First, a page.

Digital Dimdima
-By Jayanthi Mahalingam
Down to the sea
The Narmada in Gujarat
A Hill With A View
The Monuments Of Mandu
An Ancient City
An Island In The River
Beyond Hoshangabad
Steeped In Legends
Narmadey Har
The Cult of Thuggee
The Splendour of Marble Rocks
Original Inhabitants
The World Of Verrier Elwin
Tribal Queen
The Jewel Of Kanha
The Narmada In Mythology

 

Steeped In Legends

Some years ago, a part of a skull, 200,000 years old, was found near Hatnora on the left bank of the river Narmada. It was classified as a Homo Erectus fossil. The Homo Erectus is believed to be a forerunner of modern man. Later it was found that the Narmada fossil represented an individual who had a larger brain than the Homo Erectus. The fossil is now known as the Narmada Man. The Narmada Man lived in the river valley and in the Bhimbetka caves, 150 kilometres away.
The Bhimbetka caves are also home to the largest collection of prehistoric art in India. Over 600 natural rock shelters belonging to the Stone Age have been discovered here. The Pandavas spent some time of their exile in these parts, and Bhima is said to have lived in the caves. Recently the caves were included in UNESCO's list of World Heritage Sites.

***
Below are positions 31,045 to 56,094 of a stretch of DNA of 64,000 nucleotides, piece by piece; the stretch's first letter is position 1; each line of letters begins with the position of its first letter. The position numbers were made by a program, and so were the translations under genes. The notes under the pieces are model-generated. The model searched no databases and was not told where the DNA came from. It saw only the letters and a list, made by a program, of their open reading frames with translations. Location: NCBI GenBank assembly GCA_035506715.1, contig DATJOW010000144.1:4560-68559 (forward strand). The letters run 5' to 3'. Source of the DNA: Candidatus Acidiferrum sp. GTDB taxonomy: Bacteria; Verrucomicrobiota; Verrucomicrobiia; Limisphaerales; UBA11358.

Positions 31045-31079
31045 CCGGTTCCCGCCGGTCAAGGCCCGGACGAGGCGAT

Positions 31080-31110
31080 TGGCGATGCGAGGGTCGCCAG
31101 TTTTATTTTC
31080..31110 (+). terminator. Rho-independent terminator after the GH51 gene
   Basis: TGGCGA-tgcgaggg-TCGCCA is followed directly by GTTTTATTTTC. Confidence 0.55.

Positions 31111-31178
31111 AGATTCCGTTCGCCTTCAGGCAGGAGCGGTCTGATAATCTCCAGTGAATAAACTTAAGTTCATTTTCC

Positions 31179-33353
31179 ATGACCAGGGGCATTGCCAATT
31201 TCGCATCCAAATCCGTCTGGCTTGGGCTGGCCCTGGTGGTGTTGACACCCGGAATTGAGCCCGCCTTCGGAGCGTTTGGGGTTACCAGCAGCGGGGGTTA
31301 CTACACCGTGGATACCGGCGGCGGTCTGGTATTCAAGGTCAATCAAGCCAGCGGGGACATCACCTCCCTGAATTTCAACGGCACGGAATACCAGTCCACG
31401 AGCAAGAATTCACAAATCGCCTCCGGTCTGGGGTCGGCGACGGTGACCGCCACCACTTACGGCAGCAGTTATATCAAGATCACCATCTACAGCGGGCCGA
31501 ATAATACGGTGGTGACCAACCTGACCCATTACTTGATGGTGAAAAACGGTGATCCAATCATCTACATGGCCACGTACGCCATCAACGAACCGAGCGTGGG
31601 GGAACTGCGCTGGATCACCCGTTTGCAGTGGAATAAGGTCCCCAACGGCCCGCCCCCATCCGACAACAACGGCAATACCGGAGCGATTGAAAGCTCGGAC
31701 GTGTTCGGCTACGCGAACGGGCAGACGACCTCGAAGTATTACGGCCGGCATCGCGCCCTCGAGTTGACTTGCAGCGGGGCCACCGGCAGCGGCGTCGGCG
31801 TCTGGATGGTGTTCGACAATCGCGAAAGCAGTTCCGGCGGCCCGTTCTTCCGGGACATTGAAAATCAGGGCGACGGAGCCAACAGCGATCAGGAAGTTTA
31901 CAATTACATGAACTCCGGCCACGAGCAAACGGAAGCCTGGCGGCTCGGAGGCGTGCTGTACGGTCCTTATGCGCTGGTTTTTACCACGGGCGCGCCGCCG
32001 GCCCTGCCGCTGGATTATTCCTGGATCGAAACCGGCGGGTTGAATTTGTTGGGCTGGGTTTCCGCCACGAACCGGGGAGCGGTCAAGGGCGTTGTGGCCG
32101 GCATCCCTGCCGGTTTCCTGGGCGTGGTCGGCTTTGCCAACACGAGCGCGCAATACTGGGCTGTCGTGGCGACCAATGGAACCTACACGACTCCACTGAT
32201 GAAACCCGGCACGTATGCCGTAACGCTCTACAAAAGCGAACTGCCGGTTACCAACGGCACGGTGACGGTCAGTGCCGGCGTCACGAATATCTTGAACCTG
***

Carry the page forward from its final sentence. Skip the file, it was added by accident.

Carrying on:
Before leaving Hoshangabad for Nimawar, the Narmada is joined by Tawa, its longest tributary. The 172-km-long Tawa rises in the Mahadeo Hills in the Chindwara district, flows through Betul and joins the Narmada at Hoshangabad district.
Nimawar’s landmark is the Siddeshwar temple overlooking the river. The honey-coloured spires of the temple dominate the landscape. While the locals believe that it was built by the Pandavas in one night, in reality it was constructed by Raja Bhoja, a great scholar and aesthete, who ruled from Dhar near Mandu.
According to legend, Rishi Jamadagini’s ashram was in this area. Once Kartivir Arjun, the Kalachuri King of Maheshwar, further down the river, was out hunting, when he stopped by to rest at the ashram. The sage was away with his five sons, but his wife Renuka took care of the king’s needs. During his stay at the ashram, the king’s eyes fell on Kamadhenu, the sage’s cow of bounty. Deciding that the cow was better off in the hands of a king rather than a hermit, he took the cow with him when he left. When the sage and his sons returned, they were furious. Jamadagini’s son, Parashurama, rushed to the Kalachuri kingdom and brought back the cow after killing Kartivir Arjun in a battle. In retaliation, the sons of Kartivir Arjun attacked the ashram when Parashuram was away and killed Jamadagini. The story goes that Parashuram in a rage, swore eternal vengeance against all Kshatriyas and fought 21 great battles against them.


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